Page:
Meanwhile, the designers approached the ceiling as an infinite pergola made of suspended wood planks. Spaced at regular intervals, the planks generate an interesting interplay of shadow and light on the brick and straw paper walls. Lights and service conduits are concealed above the planks, giving the space a warm, intimate character and a more human scale. Lighting at the base of the partitions is concealed inside steel mouldings, creating a visual horizon for guests.
The placement of the kitchen in the basement made it possible to consolidate all technical services on the left side of the building, which is as narrow as most others in the area. The kitchen is a major technical achievement in its own right. Faced with the need to run an enormous exhaust conduit across four levels, including a huge elbow behind the bar, the designers turned the constraint to their advantage by making the conduit the focal point and unifying element of the bar.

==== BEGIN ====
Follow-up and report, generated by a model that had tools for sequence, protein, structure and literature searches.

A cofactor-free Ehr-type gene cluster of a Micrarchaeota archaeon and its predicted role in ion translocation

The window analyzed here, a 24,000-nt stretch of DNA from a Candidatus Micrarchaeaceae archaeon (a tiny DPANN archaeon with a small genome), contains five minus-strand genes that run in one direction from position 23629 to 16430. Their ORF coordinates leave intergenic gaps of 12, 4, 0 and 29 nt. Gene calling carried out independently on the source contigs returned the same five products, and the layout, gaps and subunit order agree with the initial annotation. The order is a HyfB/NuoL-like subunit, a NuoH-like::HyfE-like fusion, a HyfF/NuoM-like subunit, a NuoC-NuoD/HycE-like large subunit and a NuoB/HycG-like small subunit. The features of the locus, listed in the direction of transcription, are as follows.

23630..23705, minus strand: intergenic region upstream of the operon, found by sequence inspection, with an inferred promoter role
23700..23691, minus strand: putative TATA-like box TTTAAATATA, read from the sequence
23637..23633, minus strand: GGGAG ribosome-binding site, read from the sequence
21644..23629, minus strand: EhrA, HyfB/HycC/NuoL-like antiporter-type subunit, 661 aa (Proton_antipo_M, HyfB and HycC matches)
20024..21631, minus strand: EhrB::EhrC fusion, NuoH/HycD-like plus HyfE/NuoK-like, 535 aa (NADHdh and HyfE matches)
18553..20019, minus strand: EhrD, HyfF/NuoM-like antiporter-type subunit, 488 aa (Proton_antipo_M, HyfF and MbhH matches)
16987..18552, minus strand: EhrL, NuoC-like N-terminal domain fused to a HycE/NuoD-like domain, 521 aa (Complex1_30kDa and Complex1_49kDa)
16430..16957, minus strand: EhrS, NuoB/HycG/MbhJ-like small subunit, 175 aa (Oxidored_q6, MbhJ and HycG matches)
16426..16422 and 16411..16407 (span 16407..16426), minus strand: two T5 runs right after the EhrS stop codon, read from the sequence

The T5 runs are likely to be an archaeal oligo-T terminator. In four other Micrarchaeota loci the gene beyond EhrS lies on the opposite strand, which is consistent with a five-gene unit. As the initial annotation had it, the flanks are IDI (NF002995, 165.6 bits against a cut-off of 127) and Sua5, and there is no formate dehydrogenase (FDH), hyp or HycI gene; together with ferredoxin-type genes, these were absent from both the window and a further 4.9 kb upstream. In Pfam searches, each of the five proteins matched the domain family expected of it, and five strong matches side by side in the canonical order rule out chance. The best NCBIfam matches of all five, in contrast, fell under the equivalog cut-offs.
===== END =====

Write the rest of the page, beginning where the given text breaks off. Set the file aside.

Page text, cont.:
Other elements expand on the Mediterranean theme, such as the use of stucco on certain walls and the inclusion of raw steel posts, or black and grey slate on steps and landings, giving the space an intentional patina. Also worth mentioning are the openwork partitions in thin, braided metal harking back to the triumphal aesthetic of a bygone Greece.